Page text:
cinnati, O., from which he received

was

a

year, after

his degree in 1898. He first located ver germs through a number of at Hopkinsville, Ky., where he re

years. A house was papered in mained for about a

which two children had died of which he removed to Hopson, Cald- scarlet fever. Ten years afterward well County, where he enjoyed a the paper was torn off, and immelucrative practice up to September diately all the small children in the of this year, when he decided to lo- family contracted scarlet fever. cate at Madisonville, one of the best towns in western Kentucky. He

DESTRUCTION BY FIRE OF THE TRANSACwas married to Miss Otie Williams,

TIONS OF THE NATIONAL ECLECTIC of Princeton, December 25, 1901,

MEDICAL AssOCIATION FOR who survives him.

1904 and 1905. Dr. Wood passed in any com

On November 9th the Alkaloidal munity as a man of worth and an Clinic Publishing House, with all honor to his profession. In the their valuable files and records, and language of Emerson, "What he with the transactions of the Nawas engraved itself on his face, on tional Eclectic Medical Association his form, in his actions, which all for the current year, was entirely men could read but himself. Con- destroyed by fire, involving a loss cealing nothing, he boasted noth- of about $165,000. Not only was ing. There was in the glances of the partly completed volume dehis eyes, in his smiles, in his salu- stroyed, but all the papers, essays,

, tations, in the friendly grasp of his addresses, and records of the prohands the indelible stamp of the cedings, furnished them as “copy ” true man.” It seems strange to his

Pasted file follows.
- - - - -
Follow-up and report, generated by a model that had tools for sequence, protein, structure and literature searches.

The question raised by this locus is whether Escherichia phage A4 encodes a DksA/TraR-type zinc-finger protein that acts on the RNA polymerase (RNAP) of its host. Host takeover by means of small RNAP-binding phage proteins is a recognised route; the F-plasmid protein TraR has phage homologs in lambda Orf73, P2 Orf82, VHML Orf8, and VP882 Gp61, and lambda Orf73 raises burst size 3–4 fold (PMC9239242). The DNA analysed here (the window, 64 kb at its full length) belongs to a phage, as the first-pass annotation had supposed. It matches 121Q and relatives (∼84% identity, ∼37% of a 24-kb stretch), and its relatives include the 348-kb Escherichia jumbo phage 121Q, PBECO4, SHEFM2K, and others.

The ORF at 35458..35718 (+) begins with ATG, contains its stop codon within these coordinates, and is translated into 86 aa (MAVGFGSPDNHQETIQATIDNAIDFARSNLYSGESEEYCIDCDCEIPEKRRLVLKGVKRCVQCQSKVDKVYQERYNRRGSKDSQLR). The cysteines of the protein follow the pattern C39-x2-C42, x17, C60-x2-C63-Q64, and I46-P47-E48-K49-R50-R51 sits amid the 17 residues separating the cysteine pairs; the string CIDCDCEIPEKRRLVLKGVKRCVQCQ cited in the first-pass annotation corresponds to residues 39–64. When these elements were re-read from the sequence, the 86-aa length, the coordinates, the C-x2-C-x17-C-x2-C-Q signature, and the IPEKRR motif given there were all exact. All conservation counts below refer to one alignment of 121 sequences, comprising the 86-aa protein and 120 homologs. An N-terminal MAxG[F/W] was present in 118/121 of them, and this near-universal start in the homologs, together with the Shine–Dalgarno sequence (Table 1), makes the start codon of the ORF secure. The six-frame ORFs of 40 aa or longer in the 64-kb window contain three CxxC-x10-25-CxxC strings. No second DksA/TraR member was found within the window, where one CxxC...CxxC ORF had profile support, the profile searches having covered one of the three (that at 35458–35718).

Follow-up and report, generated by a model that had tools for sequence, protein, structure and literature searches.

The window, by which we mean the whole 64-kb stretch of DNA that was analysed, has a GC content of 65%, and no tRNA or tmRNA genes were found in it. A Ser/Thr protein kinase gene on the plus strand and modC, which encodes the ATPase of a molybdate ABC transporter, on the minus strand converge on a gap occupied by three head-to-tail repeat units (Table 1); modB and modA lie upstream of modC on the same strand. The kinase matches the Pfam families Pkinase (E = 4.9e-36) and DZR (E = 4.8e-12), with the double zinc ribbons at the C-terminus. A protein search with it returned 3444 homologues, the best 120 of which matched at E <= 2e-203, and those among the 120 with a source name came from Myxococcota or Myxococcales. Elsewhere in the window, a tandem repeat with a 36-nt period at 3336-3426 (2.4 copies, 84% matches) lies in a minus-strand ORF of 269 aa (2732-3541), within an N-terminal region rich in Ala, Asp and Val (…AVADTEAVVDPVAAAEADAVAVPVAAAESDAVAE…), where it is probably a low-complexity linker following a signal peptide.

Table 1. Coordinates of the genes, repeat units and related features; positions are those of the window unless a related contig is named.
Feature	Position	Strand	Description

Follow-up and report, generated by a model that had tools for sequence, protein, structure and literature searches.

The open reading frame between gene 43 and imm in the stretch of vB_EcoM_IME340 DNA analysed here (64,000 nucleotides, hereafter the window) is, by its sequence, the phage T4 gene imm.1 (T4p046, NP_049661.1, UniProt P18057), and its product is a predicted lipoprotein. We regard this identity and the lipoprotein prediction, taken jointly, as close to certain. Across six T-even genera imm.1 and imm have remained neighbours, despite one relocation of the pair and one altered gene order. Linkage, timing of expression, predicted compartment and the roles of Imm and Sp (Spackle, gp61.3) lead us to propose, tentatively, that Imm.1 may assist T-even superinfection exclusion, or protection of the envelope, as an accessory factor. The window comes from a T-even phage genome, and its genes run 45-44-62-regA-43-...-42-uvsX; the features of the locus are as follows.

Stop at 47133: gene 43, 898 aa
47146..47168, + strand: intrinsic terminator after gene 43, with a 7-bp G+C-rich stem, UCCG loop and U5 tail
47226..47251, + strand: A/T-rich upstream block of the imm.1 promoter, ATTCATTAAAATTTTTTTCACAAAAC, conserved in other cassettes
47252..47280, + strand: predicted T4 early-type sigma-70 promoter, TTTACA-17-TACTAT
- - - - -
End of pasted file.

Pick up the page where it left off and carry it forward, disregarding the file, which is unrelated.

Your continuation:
were burned also. friends, professional and laymen,

I had saved a proof of the first that the doctor should be taken just 100 pages of the book which inat this time when, paraphrasing Van

cluded about 20 of the addresses Dyke, he was preparing for the and all the papers in the Materia higher side of human life, contribut

Medica and Practice Sections. Any ing of his strength, his influence,

member of the Association who can his means, to make a cleaner, fuller,

furnish me at once a copy of the happier, nobler life possible for his paper he prepared for that meeting fellow men.

is urged to do so that I may get up May he rest in peace under the

another volume of the transactions. care of the great physician of the

I have saved also a copy of the prouniverse. Charles J. Pollock, M. D. ceedings of the Saratoga meeting

nearly completed with a copy of Strong arguments are constant- the revised constitution and byly being adduced in favor of the laws. The reports of the commitready preservation of scarlet fe

tees are burned. Any cne who can